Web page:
Democratic members of Congress are asking the Federal Elections Commission to crack down on digital campaign ads to prevent foreign meddling in future elections. In a letter to the FEC chairman, four members of the house and 16 senators—including Elizabeth Warren, Cory Booker, and Kamala Harris—urge the FEC to work with tech companies on new ways to monitor who's paying for campaign ads on their platforms.
President Donald Trump's nominee to oversee chemical safety at the Environmental Protection Agency has for years accepted payments for criticizing studies that raised concerns about the safety of his clients' products, according to a review of financial records and his published work by The Associated Press. Michael L. Dourson's nomination as head of EPA's Office of Chemical Safety and Pollution Prevention was to be considered by a Senate committee Wednesday, but was postponed when the Senate adjourned early for the week. Past corporate clients of Dourson and of a research group he ran include Dow Chemical Co., Koch Industries Inc. and Chevron Corp. His research has also been underwritten by industry trade and lobbying groups representing the makers of plastics, pesticides, processed foods and cigarettes.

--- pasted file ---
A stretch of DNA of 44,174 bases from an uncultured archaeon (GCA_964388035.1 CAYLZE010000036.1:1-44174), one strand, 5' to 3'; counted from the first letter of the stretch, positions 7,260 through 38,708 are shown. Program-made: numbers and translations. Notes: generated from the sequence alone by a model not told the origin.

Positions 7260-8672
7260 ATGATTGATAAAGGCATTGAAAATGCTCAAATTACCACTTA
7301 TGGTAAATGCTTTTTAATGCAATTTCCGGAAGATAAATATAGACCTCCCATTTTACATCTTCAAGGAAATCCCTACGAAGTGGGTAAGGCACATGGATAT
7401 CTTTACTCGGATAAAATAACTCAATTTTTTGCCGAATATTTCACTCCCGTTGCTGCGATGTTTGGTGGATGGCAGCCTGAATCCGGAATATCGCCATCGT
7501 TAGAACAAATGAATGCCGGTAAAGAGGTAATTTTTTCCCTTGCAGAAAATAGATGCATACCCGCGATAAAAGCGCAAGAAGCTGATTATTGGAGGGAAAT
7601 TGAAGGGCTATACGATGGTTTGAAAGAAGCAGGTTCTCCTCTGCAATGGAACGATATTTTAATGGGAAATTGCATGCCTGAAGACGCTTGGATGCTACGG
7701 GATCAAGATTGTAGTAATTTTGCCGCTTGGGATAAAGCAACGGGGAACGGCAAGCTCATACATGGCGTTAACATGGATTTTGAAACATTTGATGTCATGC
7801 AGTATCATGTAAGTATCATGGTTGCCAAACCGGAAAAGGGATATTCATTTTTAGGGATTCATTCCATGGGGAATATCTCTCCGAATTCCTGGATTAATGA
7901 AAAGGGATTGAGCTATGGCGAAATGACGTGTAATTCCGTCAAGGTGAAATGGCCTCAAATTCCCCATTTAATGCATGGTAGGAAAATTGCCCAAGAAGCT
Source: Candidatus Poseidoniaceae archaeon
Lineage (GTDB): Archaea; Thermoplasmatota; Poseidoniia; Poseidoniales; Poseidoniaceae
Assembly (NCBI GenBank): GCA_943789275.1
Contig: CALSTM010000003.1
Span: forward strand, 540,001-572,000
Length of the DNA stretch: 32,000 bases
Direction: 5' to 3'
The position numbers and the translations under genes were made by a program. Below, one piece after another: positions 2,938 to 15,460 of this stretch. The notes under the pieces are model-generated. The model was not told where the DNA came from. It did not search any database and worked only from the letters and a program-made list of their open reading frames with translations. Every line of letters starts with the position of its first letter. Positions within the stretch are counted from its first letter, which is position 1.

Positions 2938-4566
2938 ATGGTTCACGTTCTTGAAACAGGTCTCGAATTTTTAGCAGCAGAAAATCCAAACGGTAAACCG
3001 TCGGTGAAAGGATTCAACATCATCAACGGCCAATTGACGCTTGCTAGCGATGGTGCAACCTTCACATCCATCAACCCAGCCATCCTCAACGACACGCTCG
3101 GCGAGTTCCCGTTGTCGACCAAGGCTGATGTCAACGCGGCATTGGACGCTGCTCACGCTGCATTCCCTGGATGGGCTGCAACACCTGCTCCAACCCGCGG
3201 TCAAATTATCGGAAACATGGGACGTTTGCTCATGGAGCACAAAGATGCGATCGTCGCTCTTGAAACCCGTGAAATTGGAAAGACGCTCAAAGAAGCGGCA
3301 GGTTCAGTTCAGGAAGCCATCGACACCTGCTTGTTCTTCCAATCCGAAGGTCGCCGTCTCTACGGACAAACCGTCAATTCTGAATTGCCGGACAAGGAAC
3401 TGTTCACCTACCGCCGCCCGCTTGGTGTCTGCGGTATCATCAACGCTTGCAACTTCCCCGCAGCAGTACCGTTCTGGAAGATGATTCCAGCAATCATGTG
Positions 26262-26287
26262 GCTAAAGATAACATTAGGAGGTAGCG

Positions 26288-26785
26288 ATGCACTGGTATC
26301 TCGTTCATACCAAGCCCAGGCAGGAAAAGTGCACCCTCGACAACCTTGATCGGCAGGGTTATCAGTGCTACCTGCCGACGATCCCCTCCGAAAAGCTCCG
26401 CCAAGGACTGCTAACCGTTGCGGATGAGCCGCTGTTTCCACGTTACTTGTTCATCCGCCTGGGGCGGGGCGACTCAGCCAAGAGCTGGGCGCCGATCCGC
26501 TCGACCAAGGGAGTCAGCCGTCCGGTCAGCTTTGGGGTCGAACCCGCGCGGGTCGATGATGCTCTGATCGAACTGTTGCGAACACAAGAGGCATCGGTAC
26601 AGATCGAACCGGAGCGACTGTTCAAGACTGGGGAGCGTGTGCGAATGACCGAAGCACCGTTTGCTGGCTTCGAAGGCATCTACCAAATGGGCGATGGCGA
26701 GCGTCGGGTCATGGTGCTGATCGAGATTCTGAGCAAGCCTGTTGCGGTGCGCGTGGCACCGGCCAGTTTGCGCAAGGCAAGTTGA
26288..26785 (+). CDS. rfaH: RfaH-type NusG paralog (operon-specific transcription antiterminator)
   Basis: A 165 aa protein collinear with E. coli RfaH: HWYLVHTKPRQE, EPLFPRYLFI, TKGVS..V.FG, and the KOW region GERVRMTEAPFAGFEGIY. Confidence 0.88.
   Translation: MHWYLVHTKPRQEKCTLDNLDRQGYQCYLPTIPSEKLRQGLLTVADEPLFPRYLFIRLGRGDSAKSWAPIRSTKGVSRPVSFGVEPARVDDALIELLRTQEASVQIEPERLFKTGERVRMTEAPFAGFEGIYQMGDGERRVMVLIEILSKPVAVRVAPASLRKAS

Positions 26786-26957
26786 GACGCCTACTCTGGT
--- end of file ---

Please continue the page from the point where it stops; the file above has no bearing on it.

For more than five years, Iran has maintained a reputation as one of the most aggressive nations in the global arena of state-sponsored hacking, stealing data from corporate and government networks around the world, bombarding US banks with cyberattacks, and most brazen of all, unleashing multiple waves of computer-crippling malware that hit tens of thousands of PCs across the Middle East. Security firm FireEye has released new research into a group it calls Advanced Persistent Threat 33, attributing a prolific series of breaches of companies in the aerospace, defense, and petrochemical industries in countries as wide-ranging as Saudi Arabia, South Korea, and the US. While FireEye has closely tracked APT33 since May of last year, the security firm believes the group has been active since at least 2013, with firm evidence that it works on behalf of Iran's government.